Perhaps the most notable Sixth Circuit opinion of April—and almost certainly the most quotable—was Judge Kethledge’s opinion granting mandamus and reversing leave to amend in the opioid MDL.
For a unanimous panel (Siler & Griffin, JJ.), the opinion followed the Circuit’s stay of Judge Polster’s discovery order back in February. That order would’ve required pharmacies “to produce data for nearly every opioid prescription that they have filled anywhere in the United States for the past 13 years.”
The mandamus grant, however, reached back one step further, faulting the court for granting the county plaintiffs’ leave to amend their complaint to add dispensing claims against pharmacies, 19 months after the deadline for amendments and 10 months after the close of discovery. Under FRCP 16(b), the court held, “[n]ot a circuit court in the country, so far as we can tell, would allow a district court to amend its scheduling order under these circumstances.”
The opinion is a treat to read, and we’ll let it speak for itself below. But beforehand, permit us to commend another eloquent and fascinating effort from Judge Kethledge, albeit further afield from the normal Sixth Circuit fare: this Tedx Talk at the University of Michigan, Reclaim Solitude. The subject is of course very on brand for the judiciary’s foremost advocate of solitude. (Check amazon.com and your local socially distant bookstore for Lead Yourself First.)
Three quick teasers for the speech: you learn Judge Kethledge’s first and second semester undergraduate GPAs at UofM (which would be quite good, if you add them together!); the parents among us hear compelling arguments against youngsters’ smartphones, a/k/a the Devil’s Hand Grenades; and you’ll glimpse the view from the Lake Huron hamlet where Kethledge opinions often are drafted—the most recent of which we’ll return to now.
In the opioid mandamus opinion, Judge Kethledge makes clear, plainly and repeatedly, that “the rule of law applies in multidistrict litigation … just as it does in any individual case.” As promised, we’ll let the opinion speak for itself, in solitude:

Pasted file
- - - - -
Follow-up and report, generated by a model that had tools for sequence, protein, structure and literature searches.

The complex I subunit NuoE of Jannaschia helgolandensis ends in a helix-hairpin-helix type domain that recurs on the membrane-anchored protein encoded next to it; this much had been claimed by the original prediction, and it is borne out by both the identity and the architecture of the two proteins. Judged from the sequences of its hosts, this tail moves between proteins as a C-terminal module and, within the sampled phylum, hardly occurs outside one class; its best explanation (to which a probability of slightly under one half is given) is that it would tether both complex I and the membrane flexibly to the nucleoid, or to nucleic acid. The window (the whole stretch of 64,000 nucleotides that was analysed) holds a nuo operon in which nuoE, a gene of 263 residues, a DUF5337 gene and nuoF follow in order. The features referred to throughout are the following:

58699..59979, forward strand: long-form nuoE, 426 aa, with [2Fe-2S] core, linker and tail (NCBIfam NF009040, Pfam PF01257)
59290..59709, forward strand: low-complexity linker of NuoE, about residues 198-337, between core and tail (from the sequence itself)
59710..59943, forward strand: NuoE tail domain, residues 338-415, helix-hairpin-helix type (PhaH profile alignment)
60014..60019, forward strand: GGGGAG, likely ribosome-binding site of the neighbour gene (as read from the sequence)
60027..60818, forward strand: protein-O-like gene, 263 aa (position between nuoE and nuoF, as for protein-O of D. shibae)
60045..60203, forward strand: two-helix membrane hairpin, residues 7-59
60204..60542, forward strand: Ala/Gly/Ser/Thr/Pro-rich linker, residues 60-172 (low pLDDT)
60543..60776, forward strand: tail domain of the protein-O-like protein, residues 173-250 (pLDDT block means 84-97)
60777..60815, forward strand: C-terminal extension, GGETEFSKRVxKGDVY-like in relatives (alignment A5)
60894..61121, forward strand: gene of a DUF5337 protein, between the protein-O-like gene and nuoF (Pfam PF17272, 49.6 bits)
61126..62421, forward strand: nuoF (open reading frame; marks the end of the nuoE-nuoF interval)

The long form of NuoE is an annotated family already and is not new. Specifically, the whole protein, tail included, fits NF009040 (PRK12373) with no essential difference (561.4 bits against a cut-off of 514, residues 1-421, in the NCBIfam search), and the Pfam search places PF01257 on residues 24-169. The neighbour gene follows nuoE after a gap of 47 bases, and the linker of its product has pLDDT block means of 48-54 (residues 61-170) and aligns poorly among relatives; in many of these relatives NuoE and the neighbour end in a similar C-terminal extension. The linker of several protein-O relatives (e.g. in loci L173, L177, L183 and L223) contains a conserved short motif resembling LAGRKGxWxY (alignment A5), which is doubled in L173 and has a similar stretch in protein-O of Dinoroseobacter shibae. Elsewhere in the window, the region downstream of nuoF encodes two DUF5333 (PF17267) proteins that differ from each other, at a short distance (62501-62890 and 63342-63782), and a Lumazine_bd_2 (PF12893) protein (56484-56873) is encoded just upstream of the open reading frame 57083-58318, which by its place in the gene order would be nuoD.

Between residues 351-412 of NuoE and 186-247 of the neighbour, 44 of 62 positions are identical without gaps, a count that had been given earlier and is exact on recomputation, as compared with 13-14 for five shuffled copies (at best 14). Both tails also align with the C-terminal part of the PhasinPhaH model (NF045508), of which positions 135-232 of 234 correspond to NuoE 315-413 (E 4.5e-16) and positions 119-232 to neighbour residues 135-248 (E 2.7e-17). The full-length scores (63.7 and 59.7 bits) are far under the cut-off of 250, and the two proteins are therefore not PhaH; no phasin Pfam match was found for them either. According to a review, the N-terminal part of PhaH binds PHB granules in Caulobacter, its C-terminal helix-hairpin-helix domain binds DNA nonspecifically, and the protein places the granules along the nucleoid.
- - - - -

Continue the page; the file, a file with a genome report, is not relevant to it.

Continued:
- “An MDL court’s determination of the parties’ rights in an individual case must be based on the same legal rules that apply in other cases, as applied to the record in that case alone. Within the limits of those rules, of course, an MDL court has broad discretion to create efficiencies and avoid duplication—of both effort and expenditure—across cases within the MDL. What an MDL court may not do, however, is distort or disregard the rules of law applicable to each of those cases.”
- “Neither the Counties nor the district court have even attempted to show that the Counties demonstrated diligence as required by Rule 16(b). Quite the contrary: as the district court recognized then, and as the Counties concede now, the Counties did not bring their dispensing claims earlier because they expressly chose not to bring them.”
- “Not a circuit court in the country, so far as we can tell, would allow a district court to amend its scheduling order under these circumstances.”
- “The district judge in this case is notably conscientious and capable, and we fully recognize the complexity of his task in managing the MDL here. But the law governs an MDL court’s decisions just as it does a court’s decisions in any other case.”
- “Respectfully, the district court’s mistake was to think it had authority to disregard the Rules’ requirements in the Pharmacies’ cases in favor of enhancing the efficiency of the MDL as a whole. True, § 1407 provides for the transfer of certain actions to MDL courts to “promote the just and efficient conduct of such actions”; and true, Civil Rule 1 says that the Rules should be construed “to secure the just, speedy, and inexpensive determination of every action and proceeding.”
- “MDLs are not some kind of judicial border country, where the rules are few and the law rarely makes an appearance. For neither § 1407 nor Rule 1 remotely suggests that, whereas the Rules are law in individual cases, they are merely hortatory in MDL ones.”
- “An MDL court must find efficiencies within the Civil Rules, rather than in violation of them.”